I had assumed that this version ofBetrayal, when it first appeared in London, was part of a season of Pinter plays performed at the Harold Pinter Theater in London and directed by Jamie Lloyd, but it turns out that its origin was more fortuitous. Ashton and Hiddleston had been brought in to perform a scene at a gala commemorating the playwright’s birthday, and at the conclusion, Pinter’s widow, Lady Antonia Fraser, turned to Hiddleston and said, “It was wonderful, that scene, perhaps you’d like to do the whole thing?” And then they were off—led by Lloyd, who, Hiddleston says, the actors inherited “match fit” from his season of directing the Nobel Prize–winner. Cox was tied up when he was first approached to play the third point of the tortured love triangle, but when he became available, he leapt at the opportunity. “I just googled ‘Betrayal word count,’ and then said: I’m in,” he jokes.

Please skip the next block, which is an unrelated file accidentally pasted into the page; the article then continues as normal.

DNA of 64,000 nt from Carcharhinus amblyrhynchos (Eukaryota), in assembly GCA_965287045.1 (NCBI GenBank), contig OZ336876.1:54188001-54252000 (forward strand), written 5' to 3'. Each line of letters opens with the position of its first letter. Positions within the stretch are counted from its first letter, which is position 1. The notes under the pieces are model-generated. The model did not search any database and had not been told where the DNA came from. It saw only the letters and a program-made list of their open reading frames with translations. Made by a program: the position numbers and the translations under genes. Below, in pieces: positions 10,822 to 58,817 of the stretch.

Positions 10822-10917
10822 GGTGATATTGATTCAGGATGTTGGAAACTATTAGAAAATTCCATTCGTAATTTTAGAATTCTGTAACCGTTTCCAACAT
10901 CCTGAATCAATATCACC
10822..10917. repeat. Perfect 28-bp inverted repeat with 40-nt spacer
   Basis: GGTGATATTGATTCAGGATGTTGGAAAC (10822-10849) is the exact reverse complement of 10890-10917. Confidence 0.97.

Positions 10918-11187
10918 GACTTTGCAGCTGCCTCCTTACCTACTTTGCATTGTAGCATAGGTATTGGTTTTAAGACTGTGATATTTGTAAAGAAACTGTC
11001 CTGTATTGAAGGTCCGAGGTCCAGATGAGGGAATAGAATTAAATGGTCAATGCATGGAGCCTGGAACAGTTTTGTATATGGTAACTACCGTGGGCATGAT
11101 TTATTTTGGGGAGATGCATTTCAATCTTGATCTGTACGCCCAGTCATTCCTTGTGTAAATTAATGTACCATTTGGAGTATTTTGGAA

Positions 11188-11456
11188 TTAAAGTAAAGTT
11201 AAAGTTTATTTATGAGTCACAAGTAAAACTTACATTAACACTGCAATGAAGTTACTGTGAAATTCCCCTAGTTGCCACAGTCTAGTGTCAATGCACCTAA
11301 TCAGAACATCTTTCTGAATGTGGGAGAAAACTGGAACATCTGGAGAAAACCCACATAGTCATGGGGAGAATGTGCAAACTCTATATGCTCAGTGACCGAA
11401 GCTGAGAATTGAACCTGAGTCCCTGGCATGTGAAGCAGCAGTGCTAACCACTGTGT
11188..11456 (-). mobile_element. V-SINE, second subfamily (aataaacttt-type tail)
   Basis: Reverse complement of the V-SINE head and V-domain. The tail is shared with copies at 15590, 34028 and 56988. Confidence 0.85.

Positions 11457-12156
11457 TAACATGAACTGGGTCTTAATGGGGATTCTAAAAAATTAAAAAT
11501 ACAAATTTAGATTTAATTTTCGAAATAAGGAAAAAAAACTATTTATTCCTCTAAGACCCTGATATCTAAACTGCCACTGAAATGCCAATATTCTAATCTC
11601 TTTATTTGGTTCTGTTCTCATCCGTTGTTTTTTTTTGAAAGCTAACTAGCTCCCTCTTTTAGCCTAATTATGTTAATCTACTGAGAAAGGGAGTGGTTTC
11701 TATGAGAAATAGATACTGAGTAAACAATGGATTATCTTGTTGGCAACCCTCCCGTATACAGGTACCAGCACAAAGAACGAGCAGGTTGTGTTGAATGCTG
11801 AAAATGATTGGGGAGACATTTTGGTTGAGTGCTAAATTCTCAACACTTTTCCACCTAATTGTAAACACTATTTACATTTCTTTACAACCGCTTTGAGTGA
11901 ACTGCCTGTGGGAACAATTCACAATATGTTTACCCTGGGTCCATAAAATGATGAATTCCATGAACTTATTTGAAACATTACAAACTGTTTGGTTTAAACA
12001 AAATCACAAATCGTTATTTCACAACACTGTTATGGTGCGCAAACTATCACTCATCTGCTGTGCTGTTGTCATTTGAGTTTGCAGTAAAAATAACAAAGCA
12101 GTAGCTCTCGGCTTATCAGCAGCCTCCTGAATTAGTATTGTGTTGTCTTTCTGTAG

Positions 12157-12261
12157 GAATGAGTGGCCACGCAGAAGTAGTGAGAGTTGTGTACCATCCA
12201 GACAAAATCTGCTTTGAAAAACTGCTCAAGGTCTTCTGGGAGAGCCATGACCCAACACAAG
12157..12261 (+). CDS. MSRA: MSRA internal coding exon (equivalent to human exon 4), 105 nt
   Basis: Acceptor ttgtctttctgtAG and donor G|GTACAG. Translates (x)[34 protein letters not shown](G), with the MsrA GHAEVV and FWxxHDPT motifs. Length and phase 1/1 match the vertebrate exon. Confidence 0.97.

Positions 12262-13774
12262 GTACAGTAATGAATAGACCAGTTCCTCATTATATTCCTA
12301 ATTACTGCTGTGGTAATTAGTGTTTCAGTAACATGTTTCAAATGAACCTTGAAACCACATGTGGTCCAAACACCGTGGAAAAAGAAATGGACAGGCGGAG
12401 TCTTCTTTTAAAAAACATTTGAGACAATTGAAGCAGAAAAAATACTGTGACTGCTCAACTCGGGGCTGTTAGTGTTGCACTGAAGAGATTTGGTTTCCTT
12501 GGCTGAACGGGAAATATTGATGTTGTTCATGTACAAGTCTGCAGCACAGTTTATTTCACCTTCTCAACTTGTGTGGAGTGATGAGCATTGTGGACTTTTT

Continuing the backward momentum, I leapfrog further, discovering that all three actors grew up in London: Ashton in Hackney in north London, around the corner from the house where the playwright lived most his life—“There’s no membrane between me and Harold,” she jokes—Hiddleston in central London and then Wimbledon, and Cox south of the river, in Victoria. Between the three, they have covered a lot of the capital’s geography, so I ask them about the role that the city plays in Betrayal, a fourth factor in the love triangle, the characters traversing the city to reach the secret Kilburn flat where they’re conducting the affair or visiting posh Hampstead houses. Does anything get lost in translation among American audiences? “We never get a laugh with Kilburn, and we never will!” says Ashton. “It’s such a London-centric piece. Especially in our production, which is more conceptual in design, you’re asked to imagine a lot.”